The European Commission continues its interest in the energy sector in 2007 by imposing record fines on participants in a gas insulated switchgear cartel and carrying out unannounced inspections on several power transformer manufacturers suspected of participating in a cartel. Siemens and ABB confirm involvement in both investigations.
On 24 January 2007, the European Commission announced that it had fined participants in a gas insulated switchgear cartel a total of EUR 750,712,500. To date, this is the largest set of fines imposed on an individual cartel and a fine of EUR 396,562,500 on one of the participants, Siemens, is the largest fine to be imposed on a single company.
This cartel related to the supply of gas insulated switchgear which is equipment used to control electricity flows in substations. There were eleven participants involved in the cartel, including ABB, Alstom, Mitsubishi Electric Corporation, Siemens and VA Tech. The European Commission has confirmed that from at least 1998 there was a written agreement between the members of the cartel and the cartel's activities included rigging bids for procurement contracts, fixing pricing, sharing markets and exchanging sensitive commercial information.
The cartel members met regularly at both management level and lower levels to implement the prohibited activities and took sophisticated measures to keep the cartel a secret (including using code names and encryption for sending messages).
The large fines imposed reflect the size of the market for the products, the duration or the cartel and the turnover of the firms involved. The fines were also increased for certain participants for leadership roles and for one participant for being a repeat offender.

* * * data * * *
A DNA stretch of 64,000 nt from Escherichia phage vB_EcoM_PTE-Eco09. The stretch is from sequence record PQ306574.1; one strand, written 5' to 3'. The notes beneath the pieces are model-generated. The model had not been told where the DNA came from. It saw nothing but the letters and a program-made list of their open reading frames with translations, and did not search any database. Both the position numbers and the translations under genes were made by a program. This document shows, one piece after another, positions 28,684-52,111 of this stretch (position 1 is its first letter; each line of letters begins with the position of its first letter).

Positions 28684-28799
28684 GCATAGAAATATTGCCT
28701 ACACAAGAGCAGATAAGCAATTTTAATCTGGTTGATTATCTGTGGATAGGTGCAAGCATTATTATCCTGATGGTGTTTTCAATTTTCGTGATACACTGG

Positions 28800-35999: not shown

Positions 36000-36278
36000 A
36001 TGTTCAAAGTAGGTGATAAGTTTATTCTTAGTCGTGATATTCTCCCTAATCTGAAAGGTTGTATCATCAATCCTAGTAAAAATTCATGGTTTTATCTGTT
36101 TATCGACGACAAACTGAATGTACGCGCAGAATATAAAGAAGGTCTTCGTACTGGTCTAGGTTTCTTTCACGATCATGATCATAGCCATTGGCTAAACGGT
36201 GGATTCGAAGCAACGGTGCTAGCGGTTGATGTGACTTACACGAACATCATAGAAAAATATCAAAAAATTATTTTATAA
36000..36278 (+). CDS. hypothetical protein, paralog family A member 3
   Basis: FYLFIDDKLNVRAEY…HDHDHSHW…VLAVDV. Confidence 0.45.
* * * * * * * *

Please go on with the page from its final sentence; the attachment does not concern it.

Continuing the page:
The cartel was uncovered when one of the participants, ABB, tipped off the European Commission. As a result of the tip-off, it received full immunity from fines under the European Commission's leniency programme. The European Commission then acted on the tip-off by carrying out unannounced inspections (also known as dawn raids) at the suspected participants premises.
Shortly after imposing these record fines, the European Commission also confirmed that it had carried out dawn raids in France, Germany and Austria on 7 and 8 February 2007 in another suspected cartel in the energy sector, this time related to the supply of power transformers. Power transformers can reduce or increase voltage in electrical circuits and are therefore crucial in electricity transmission and distribution.
In a twist, Siemens and ABB have subsequently confirmed that their premises were raided in this new suspected cartel.
Siemens, the highest fined participant in the switchgear cartel, confirmed that inspections took place at facilities in Nuremberg (Germany) and Linz (Austria) and that it will give the European Commission its full support and co-operation.
Following the raids, Siemens has suspended three employees and said that its internal findings show that five companies were involved in collusion regarding power transformers produced by Siemens and VA Tech between 2001 and 2003 for the German market. It also commented that the European Commission investigation relates to collusion in the market for power transformers between 1999 and 2003 in Germany, Austria and the Netherlands.
If the European Commission finds evidence of a cartel, it can impose fines of up to 10% of worldwide turnover of the participants involved. Third parties may also raise damages actions if they have suffered loss as a result of the cartel.